**B**) The spectral hemispherical atmospheric irradiance from the transmittance-based approximation and that from MODTRAN.

^{2}m depths of the atmosphere near the earth’s surface outside the LWIR window (which is at ~${T}_{amb}$) and within 2 km of the earth’s surface (or within ~12 °C of ${T}_{amb}$) in the LWIR. The resulting temperature differences are far less than those for ozone. Consequently, the transmittance-based approximation is largely correct outside the LWIR window where the atmosphere is opaque, and shows a lower underestimation of ${P}_{cooling}$ than seen for ozone at individual LWIR wavelengths (Figure 1B). However, unlike for ozone, the underestimation occurs over a much broader bandwidth across the LWIR, and for dry atmospheres, across the 16–20 µm wavelengths, which adds to a significant total when integrated.

## 4. Temperature-Corrections of the Transmittance-Based Model

_{2}in the LWIR, which allow for heat loss from the terrestrial environment, must be taken into account. The ozone layer is kilometers-thick, and CO

_{2}and water vapor are distributed throughout the atmosphere, which means that their radiative contributions are determined by a temperature distribution along their height. However, we can simplify calculations assuming that the irradiance of the ith gaseous component arises from a specific combination of its emittance ${\epsilon}_{i}$ and effective temperature ${T}_{i}$. The irradiance ${I}_{atm}$ can then be separated into two contributions: one for ozone, which is distributed high in the atmosphere, and one for CO

_{2}+ water vapor, which is distributed throughout, as follows:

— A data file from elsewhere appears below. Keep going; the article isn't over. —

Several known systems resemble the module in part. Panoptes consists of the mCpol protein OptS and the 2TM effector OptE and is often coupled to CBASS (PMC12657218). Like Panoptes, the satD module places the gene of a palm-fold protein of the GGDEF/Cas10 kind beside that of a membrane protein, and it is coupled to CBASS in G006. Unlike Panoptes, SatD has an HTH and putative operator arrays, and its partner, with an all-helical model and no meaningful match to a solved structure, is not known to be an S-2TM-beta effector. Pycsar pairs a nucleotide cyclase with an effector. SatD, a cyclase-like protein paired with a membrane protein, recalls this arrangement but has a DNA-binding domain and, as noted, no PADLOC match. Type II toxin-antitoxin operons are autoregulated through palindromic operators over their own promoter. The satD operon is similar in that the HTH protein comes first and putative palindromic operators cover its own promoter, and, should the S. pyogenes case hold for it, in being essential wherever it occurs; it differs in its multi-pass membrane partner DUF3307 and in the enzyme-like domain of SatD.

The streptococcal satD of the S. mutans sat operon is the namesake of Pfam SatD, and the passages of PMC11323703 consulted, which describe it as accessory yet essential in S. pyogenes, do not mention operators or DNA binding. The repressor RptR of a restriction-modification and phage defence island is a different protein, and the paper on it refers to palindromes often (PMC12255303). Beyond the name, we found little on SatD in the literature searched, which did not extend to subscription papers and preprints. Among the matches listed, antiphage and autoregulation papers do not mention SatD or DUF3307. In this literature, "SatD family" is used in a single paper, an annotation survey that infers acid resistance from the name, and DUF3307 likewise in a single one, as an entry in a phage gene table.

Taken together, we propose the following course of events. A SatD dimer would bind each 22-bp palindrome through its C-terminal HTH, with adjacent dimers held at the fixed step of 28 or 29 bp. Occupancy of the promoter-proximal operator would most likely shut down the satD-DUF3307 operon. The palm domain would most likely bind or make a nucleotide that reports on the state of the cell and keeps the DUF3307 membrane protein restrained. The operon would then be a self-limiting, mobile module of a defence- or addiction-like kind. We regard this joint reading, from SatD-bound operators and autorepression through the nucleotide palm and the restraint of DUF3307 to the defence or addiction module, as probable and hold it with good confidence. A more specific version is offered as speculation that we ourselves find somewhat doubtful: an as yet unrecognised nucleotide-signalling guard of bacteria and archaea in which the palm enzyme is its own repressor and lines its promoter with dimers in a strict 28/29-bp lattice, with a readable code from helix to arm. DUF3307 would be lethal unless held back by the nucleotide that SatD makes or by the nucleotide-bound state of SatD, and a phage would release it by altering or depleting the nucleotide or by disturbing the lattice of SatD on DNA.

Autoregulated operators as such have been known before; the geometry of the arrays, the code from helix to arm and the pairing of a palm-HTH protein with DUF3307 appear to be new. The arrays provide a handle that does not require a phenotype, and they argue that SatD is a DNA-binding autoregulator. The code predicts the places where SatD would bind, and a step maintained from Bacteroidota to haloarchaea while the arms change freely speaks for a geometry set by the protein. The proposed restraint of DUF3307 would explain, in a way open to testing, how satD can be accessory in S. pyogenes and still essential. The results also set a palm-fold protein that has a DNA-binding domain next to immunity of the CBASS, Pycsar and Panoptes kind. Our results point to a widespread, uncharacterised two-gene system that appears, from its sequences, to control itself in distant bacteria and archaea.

_{2}, which effectively occur below the ozone layer, is calculated using MODTRAN by setting the atmospheric ozone concentration to zero. The transmittance of ozone is calculated as follows:

_{2}where it is highly absorptive is the ambient temperature ${T}_{amb}$ and the effective temperature of the completely masked ozone layer beyond is 0 K. It thus remains to calculate the effective temperature ${T}_{Ozone}$ of the ozone layer in the LWIR and ${T}_{rest}$ of water vapor and CO

_{2}in the LWIR within the 16–20 µm range. To do so, we first obtain, from MODTRAN, the effective hemispherical irradiance of CO

_{2}and water vapor ${I}_{rest}$(i.e., without ozone) and that of the ozone layer ${I}_{Ozone}$ by subtracting ${I}_{rest}$ from the hemispherical irradiance of the whole atmosphere (${I}_{atm}$). In parallel, we also calculate the hemispherical emittance of water vapor + CO

_{2}, and the ozone layer from the directional values ${\epsilon}_{rest}\left(\lambda ,\theta \right)$ and ${\epsilon}_{Ozone}\left(\lambda ,\theta \right)$ calculated earlier. We then solve for ${T}_{i}\left(\lambda \right)$ using the equation:

_{2}, which the traditional transmittance-based model does not capture.

^{−2}or 12 to 29 % depending on the temperature and atmosphere type. The underestimations are large, particularly for high values of ${I}_{atm}$. Our corrected model, by comparison, is within 1–8 Wm